The above story is based on materials provided by University of Stuttgart. Note: Materials may be edited for content and length.


Cite This Page:

University of Stuttgart. "World record in 3-D imaging of porous rocks: Stack of 35 million megapixel-photos." ScienceDaily. ScienceDaily, 6 November 2011. <www.sciencedaily.com/releases/2011/10/111019105512.htm>.
University of Stuttgart. (2011, November 6). World record in 3-D imaging of porous rocks: Stack of 35 million megapixel-photos. ScienceDaily. Retrieved March 30, 2015 from www.sciencedaily.com/releases/2011/10/111019105512.htm
University of Stuttgart. "World record in 3-D imaging of porous rocks: Stack of 35 million megapixel-photos." ScienceDaily. www.sciencedaily.com/releases/2011/10/111019105512.htm (accessed March 30, 2015).

Share This


More From ScienceDaily



More Matter & Energy News

Monday, March 30, 2015

Featured Research

from universities, journals, and other organizations


Featured Videos

from AP, Reuters, AFP, and other news services

Bionic Ants Could Be Tomorrow's Factory Workers

Bionic Ants Could Be Tomorrow's Factory Workers

Reuters - Innovations Video Online (Mar. 30, 2015) Industrious 3D printed bionic ants working together could toil in the factories of the future, says German technology company Festo. The robotic insects cooperate and coordinate their actions and movements to achieve a common aim. Amy Pollock reports. Video provided by Reuters
Powered by NewsLook.com
Solar Impulse Departs Myanmar for China

Solar Impulse Departs Myanmar for China

AFP (Mar. 30, 2015) Solar Impulse 2 takes off from Myanmar&apos;s second biggest city of Mandalay and heads for China&apos;s Chongqing, the fifth flight of a landmark journey to circumnavigate the globe powered solely by the sun. Duration: 00:42 Video provided by AFP
Powered by NewsLook.com
Internet Giants Drive Into the Electric Vehicle Space

Internet Giants Drive Into the Electric Vehicle Space

Reuters - Business Video Online (Mar. 30, 2015) Internet companies are looking to disrupt the auto industry with new smart e-vehicles, but widespread adoption in Asia may not be cured by new Chinese investments. Pamela Ambler reports. Video provided by Reuters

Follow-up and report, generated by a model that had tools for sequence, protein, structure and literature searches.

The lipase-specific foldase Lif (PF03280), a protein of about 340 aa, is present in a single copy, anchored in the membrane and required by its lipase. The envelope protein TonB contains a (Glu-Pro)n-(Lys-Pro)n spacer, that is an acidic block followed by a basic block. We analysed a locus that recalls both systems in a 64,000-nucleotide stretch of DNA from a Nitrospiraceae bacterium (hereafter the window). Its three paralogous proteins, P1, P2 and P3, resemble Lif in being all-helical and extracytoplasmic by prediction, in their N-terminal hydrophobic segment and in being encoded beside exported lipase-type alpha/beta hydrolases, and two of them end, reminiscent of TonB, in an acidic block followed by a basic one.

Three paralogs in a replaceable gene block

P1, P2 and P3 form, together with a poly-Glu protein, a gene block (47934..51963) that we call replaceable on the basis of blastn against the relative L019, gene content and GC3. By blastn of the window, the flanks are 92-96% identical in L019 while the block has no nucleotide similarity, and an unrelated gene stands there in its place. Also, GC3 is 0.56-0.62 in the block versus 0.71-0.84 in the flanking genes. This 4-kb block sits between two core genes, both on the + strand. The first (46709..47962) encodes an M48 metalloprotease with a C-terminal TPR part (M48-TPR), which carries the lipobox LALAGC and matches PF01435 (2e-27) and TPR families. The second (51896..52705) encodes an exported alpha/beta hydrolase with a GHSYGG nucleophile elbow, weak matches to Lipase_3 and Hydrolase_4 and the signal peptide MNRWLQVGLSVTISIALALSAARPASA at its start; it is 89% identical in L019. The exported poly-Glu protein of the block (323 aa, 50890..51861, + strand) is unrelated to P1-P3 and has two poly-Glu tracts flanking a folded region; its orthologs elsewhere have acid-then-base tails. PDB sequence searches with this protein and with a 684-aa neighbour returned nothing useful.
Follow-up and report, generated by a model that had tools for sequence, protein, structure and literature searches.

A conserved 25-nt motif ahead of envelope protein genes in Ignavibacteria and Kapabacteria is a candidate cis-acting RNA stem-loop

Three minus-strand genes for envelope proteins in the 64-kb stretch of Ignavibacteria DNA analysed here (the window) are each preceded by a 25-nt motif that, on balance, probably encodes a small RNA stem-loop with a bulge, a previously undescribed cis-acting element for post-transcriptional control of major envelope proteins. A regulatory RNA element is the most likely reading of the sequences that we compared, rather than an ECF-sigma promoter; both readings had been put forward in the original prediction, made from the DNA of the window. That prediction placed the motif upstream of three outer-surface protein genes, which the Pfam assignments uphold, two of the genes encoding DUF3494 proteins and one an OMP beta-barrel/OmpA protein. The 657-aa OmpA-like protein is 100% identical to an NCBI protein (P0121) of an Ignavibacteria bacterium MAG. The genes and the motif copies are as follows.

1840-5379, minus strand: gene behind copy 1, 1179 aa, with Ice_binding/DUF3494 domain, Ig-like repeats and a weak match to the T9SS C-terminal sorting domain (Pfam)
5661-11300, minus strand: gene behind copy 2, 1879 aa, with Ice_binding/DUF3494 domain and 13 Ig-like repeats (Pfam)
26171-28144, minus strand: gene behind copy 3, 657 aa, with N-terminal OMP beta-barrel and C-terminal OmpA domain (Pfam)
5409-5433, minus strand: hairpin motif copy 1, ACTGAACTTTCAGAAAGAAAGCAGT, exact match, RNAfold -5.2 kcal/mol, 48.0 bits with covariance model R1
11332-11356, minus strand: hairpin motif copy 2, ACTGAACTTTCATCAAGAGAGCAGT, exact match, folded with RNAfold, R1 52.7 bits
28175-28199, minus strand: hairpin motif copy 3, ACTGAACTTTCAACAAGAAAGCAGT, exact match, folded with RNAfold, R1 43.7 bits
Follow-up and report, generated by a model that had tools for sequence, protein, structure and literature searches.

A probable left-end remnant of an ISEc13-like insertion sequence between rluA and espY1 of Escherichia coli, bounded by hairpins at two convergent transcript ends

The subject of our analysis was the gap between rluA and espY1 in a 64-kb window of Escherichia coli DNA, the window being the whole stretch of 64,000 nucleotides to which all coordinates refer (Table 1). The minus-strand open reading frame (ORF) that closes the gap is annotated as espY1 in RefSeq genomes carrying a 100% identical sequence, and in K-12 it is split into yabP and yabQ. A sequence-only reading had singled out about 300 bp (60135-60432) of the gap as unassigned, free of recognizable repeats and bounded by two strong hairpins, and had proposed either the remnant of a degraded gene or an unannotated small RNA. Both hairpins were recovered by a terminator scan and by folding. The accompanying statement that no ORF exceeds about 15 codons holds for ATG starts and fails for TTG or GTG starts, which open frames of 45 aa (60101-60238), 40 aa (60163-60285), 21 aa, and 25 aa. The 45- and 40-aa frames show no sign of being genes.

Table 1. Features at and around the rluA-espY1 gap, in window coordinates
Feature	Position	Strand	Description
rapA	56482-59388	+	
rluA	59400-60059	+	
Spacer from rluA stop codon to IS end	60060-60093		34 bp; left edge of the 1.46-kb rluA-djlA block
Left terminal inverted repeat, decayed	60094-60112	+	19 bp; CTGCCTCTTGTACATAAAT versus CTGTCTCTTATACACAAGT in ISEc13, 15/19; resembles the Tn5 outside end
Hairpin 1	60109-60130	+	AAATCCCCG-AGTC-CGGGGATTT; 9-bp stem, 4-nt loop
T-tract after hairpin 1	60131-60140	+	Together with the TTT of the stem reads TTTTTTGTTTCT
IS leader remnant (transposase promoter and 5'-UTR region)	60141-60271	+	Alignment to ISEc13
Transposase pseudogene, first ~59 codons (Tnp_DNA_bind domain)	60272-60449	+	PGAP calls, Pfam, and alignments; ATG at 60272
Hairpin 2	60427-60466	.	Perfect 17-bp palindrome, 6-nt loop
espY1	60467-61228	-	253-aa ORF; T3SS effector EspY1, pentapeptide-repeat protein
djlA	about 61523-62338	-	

Powered by NewsLook.com
Inspectors Found Faulty Work Before NYC Blast

Inspectors Found Faulty Work Before NYC Blast

AP (Mar. 27, 2015) An hour before an apparent gas explosion sent flames soaring and debris flying at a Manhattan apartment building, injuring 19 people, utility company inspectors decided the work being done there was faulty. (March 27) Video provided by AP
Powered by NewsLook.com

Search ScienceDaily

Number of stories in archives: 140,361

Find with keyword(s):
Enter a keyword or phrase to search ScienceDaily for related topics and research stories.

Save/Print:
Share:

Breaking News:

Strange & Offbeat Stories


Space & Time

Matter & Energy

Computers & Math

In Other News

... from NewsDaily.com

Science News

Health News

Environment News

Technology News



Save/Print:
Share:

Free Subscriptions


Get the latest science news with ScienceDaily's free email newsletters, updated daily and weekly. Or view hourly updated newsfeeds in your RSS reader:

Get Social & Mobile


Keep up to date with the latest news from ScienceDaily via social networks and mobile apps:

Have Feedback?


Tell us what you think of ScienceDaily -- we welcome both positive and negative comments. Have any problems using the site? Questions?
Mobile: iPhone Android Web
Follow: Facebook Twitter Google+
Subscribe: RSS Feeds Email Newsletters
Latest Headlines Health & Medicine Mind & Brain Space & Time Matter & Energy Computers & Math Plants & Animals Earth & Climate Fossils & Ruins